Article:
Tuesday, March 30, 2010

Boulder on the crust

[Due to travel and family, this post was delayed by a couple of days; the skiing took place on Sunday the 28th.]

Hitting the crust (sans poles)

This blog operates under the assumption that crust skiing is awesome. Some of my best skis have been on the crust, especially in April on Maine in 2007, when a thick snowpack led to crust skiing on the trails in Farmington. Since then, I've looked for crust skiing where I could find it, whether it was in June in Colorado or on a golf course in Saint Paul. After a week, and two feet of snow, in Boulder, I finally was able to enjoy the crust in town, too.

The early morning view from the Chautauqua Trail Head.

Boulder has quite a bit of open space, especially along the Flatirons and other hills which rise, strikingly, out of the plains. While the terrain pretty quickly gets very steep (the Flatirons are known for their rock climbing), there are sections which aren't too steep to ski and, with the recent snows and northern exposure, had built up enough of a base that after warmer weather Saturday they'd crusted up. That's what I was heading for.
The view to the north (downtown Boulder included)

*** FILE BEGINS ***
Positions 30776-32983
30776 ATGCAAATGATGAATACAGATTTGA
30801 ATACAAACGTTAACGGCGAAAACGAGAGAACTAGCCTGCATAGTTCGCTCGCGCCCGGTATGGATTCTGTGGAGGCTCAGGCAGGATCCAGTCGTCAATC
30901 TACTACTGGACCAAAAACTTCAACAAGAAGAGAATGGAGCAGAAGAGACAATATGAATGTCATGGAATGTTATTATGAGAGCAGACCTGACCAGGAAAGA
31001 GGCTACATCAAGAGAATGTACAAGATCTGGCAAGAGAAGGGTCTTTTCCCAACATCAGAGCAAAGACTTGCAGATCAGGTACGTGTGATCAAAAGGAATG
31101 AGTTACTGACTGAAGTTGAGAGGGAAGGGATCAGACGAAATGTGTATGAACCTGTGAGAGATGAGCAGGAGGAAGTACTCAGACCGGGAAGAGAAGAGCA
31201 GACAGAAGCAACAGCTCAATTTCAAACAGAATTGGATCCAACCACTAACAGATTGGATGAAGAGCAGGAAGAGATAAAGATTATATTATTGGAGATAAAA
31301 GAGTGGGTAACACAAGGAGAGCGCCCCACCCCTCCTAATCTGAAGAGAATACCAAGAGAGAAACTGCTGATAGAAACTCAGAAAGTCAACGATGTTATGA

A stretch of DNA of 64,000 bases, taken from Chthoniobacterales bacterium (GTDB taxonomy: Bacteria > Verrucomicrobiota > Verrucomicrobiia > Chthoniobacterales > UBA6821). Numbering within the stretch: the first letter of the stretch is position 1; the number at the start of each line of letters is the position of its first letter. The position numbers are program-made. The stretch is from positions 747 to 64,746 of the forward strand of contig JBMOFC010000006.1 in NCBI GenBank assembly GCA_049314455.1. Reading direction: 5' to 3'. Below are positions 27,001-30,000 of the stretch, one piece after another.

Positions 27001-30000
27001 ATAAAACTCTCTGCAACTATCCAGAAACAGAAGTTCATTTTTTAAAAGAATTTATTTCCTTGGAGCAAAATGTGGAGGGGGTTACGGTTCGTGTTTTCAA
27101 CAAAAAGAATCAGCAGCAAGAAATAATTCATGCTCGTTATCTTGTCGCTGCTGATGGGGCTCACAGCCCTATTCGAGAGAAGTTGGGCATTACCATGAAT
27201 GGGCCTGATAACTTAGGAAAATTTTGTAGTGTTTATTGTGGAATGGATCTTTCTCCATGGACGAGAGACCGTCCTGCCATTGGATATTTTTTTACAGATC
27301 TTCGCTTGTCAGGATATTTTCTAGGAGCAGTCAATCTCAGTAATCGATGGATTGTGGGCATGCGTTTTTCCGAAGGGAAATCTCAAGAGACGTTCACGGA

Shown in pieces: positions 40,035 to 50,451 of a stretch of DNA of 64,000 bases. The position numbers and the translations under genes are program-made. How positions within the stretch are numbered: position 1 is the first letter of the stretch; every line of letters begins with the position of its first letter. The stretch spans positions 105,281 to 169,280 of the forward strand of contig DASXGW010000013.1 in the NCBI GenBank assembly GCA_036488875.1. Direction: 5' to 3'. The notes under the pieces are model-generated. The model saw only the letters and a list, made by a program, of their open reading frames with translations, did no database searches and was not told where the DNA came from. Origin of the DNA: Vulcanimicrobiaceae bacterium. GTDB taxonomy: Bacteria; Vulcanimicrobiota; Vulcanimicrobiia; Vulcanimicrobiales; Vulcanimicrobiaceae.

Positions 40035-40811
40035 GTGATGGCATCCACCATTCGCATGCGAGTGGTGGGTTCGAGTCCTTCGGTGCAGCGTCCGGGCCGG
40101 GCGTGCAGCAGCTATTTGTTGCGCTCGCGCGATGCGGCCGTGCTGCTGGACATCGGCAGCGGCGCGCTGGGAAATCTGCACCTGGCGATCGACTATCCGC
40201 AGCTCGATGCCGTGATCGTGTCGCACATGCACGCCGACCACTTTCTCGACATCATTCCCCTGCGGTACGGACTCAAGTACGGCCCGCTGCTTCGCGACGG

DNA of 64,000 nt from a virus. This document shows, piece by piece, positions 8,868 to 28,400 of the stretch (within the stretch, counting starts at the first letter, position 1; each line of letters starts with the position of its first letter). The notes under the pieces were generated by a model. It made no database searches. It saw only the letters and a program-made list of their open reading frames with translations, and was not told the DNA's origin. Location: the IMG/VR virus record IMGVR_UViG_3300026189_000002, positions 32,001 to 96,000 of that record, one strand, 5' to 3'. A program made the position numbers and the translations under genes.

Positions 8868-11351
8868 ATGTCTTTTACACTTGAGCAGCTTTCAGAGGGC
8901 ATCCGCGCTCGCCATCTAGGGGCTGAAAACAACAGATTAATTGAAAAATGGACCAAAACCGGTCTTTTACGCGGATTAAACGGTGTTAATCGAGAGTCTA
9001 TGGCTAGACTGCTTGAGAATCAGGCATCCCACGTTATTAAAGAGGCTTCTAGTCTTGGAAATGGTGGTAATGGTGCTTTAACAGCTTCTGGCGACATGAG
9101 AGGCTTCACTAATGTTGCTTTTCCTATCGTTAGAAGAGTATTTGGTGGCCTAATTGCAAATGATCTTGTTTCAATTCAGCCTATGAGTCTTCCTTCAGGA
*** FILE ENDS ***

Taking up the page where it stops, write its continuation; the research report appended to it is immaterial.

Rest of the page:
I biked the 300 foot hill up to the trailhead (a good warm-up) and hit the trails just as the sun was rising over the prairie—the views were splendid in the early morning light. I headed up along one of the hiking trails (these had been stomped and melted clean). The hill started out gradually but didn't take long to get steeper, and I was mostly V1ing. There were a few rocks and some brush to avoid, but the crust was firm and the purchase was good. I do quite like crust skiing.

Another view of the Flatirons.

I skied about a mile up he trail and in to a wooded area (less snow, but still good crust). In some shaded areas, my poles punched through the crust in to a couple of feet of snow, but for the most part my skis and poles stayed on top. At turn around time I began to retrace my tracks and realized that there was a reason I was huffing and puffing—what I'd come up was quite steep! My rock skis' edges leave something to be desired, and I was barely able to make a turn; I was definitely not carving up the slopes. But with a few well-placed turns, and a lot of skidding across the hill, I made it down to the base without incident, loaded up my bike, and shot downhill (300 feet) in to town.

And another view of Boulder and the surrounding hills. This is less than two miles from both Downtown Boulder and CU.

I was up later in the day and a the snow had melted back a good 200 yards; it might crust overnight; if not, it might be the end of crust skiing in Boulder (and I may have hit the sweet spot). I went on a trail run later in the day which was pretty mushy and then, after I'd gotten in to a narrow drainage with northern exposure, quite slippery. I ran up, but slowly walked and skidded my way down. It was in the 60s in town, but still winter up in the hills.
My tracks in the snow.

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